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Greg Biffle believes Roush Fenway Racing has found speed by redesigning its cars 500 - Practice 500 - Practice

Christian Petersen

FORT WORTH - Greg Biffle won’t deny it. Roush Fenway Racing needs speed, and the team needs it now.

Through the season’s first six races, Roush’s three Ford drivers Biffle, Ricky Stenhouse Jr. and Trevor Bayne totaled one top-10 finish and only two laps led.

The organization is pinning its hopes on a wave of redesigned cars that were put through the wringer in preparation for a debut in Saturday’s Duck Commander 500 at Texas Motor Speedway.

“We’ve been working really hard on these news cars, trying to get our stuff better and better,” Biffle said Thursday night during a Q & A with fans in the TMS infield. “These cars have been in the works for about five months. You know, it’s not revolutionary, I’m sure. But we’ve made some changes that are an improvement over what we’ve had. We feel like it’s going to be better.”

With an off week for Easter, Roush took extra care to ensure its Fusions were ready after the revamp.

“We were able to do some wind tunnel comparisons with other stuff in other cars, and we did see a little bit of deficiency, even with out brand new car,” Biffle said. “We were getting ready to come to Texas, and we took it back to the shop, changed some more stuff on it, (then) went back to the wind tunnel because we had the week off. We think we found a little bit more speed, still within the rules, that’s the biggest thing. How to get these things shaped to where they’ll go through inspection and still be able to make it out of there and go out on the racetrack.”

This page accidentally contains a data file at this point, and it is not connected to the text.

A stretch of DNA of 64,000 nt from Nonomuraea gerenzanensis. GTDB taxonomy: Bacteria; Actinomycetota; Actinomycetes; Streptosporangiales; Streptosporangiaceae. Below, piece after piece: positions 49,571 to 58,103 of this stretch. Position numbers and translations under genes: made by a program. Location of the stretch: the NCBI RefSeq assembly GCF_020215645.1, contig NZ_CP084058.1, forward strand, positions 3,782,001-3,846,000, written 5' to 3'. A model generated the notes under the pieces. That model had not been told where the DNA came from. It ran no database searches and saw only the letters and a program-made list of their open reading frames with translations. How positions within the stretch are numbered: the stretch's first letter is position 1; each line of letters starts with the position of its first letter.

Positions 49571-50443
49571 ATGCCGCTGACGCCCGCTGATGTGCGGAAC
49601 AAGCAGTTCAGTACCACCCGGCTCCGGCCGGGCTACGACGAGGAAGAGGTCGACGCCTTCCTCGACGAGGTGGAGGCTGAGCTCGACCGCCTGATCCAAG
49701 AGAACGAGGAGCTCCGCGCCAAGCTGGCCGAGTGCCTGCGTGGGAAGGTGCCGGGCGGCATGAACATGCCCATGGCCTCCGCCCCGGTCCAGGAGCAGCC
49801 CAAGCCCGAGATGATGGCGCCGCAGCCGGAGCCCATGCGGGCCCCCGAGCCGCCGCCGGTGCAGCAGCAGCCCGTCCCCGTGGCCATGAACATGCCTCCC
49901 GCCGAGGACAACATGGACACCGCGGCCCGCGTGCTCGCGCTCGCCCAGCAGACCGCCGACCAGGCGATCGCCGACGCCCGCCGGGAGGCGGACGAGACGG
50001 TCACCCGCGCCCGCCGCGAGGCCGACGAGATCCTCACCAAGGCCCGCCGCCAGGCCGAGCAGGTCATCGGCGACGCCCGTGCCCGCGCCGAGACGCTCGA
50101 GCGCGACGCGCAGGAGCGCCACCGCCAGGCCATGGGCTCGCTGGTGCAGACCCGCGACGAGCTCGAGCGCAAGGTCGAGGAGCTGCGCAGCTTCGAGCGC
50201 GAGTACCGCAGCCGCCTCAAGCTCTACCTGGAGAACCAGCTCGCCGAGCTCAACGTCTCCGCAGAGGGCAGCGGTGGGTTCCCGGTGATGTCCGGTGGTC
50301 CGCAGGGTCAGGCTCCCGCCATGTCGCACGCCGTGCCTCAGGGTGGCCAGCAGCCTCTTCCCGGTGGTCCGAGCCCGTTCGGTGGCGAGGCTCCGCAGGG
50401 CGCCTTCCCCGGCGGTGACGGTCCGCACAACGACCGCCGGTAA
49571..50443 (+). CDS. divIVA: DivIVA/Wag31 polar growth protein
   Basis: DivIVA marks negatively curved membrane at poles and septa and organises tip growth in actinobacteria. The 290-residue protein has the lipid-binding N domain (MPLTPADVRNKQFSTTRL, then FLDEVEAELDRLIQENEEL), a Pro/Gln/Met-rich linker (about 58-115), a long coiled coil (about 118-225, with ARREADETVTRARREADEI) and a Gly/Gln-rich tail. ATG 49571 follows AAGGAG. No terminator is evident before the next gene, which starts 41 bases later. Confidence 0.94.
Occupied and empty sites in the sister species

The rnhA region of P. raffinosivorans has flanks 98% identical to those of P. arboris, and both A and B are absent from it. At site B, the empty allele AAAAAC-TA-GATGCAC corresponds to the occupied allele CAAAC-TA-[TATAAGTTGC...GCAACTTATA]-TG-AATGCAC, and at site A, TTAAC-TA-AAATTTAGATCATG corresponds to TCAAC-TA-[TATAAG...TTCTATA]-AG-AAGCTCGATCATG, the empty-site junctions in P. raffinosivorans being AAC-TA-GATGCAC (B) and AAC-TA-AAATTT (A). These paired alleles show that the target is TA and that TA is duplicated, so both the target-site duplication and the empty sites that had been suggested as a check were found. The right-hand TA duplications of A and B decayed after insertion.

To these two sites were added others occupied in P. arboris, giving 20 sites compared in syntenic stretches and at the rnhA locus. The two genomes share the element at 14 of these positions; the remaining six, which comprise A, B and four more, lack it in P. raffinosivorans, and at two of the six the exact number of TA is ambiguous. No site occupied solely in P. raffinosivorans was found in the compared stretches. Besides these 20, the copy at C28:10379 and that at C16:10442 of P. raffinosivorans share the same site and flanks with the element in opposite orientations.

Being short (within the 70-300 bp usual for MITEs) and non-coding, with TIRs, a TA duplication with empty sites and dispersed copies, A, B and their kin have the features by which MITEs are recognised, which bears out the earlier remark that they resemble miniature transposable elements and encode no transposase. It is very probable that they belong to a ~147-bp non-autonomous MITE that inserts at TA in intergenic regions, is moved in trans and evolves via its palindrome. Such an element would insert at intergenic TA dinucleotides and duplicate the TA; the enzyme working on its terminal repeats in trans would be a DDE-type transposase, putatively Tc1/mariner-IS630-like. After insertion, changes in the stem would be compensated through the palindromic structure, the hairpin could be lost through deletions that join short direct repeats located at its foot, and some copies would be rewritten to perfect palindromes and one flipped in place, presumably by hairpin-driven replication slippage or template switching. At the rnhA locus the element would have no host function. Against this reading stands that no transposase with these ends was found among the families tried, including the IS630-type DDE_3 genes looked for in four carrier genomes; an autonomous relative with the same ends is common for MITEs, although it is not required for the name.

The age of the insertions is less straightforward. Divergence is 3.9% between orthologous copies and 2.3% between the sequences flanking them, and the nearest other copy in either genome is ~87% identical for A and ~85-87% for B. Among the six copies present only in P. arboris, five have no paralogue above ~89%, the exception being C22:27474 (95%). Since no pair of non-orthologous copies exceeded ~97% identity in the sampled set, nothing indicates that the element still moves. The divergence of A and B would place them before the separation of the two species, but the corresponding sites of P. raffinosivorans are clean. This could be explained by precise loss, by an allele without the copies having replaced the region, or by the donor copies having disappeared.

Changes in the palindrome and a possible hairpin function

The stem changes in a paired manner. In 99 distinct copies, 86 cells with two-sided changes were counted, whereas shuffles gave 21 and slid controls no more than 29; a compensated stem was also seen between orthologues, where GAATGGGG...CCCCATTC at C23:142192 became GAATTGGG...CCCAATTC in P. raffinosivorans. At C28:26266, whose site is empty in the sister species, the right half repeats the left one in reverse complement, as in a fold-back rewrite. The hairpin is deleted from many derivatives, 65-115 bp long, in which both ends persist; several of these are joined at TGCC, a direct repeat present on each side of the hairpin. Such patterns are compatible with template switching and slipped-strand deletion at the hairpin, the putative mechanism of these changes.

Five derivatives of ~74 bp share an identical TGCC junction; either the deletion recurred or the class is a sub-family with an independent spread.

Roush Fenway Racing is seeking its 10th victory at Texas, but it’s been three years since its last victory on the 1.5-mile oval with Biffle. The team won five of the first 10 races at Texas, including the track’s April 1997 inaugural event that also marked NBC analyst Jeff Burton’s first career victory in Cup.

But Roush has been on a downward slide over the past three seasons while losing veterans Carl Edwards and Matt Kenseth to Joe Gibbs Racing.

Biffle is the longest-tenured Roush driver, joining the organization in 1998 and then moving to Cup in 2003 after championships in the Xfinity and truck series. He is the only current Roush driver to have won in Sprint Cup, having earned 19 victories on the circuit (the most recent at Michigan International Speedway in 2012 and ’13).

In his third Cup season with Roush, Stenhouse has posted two top-five and eight top-10 finishes and an average finish of 22.7 in NASCAR’s premier series. The two-time Xfinity champion in 2011-12 also failed to qualify for last October’s race at Talladega Superspeedway. Bayne, who won the 2011 Daytona 500 and has raced part time in Cup over the past four seasons, hasn’t finished higher than 18th in his first full Cup season at Roush.

But Biffle is no stranger to the cowboy hat and six-shooters that Texas winners receive, having won here in 2005 and ’12.

“We’re working overtime, working really hard,” Biffle said. “It’s certainly not from a lack of effort, not having the speed we want. We hope that the new car and the update on the body that we just did is going to have speed tomorrow.”

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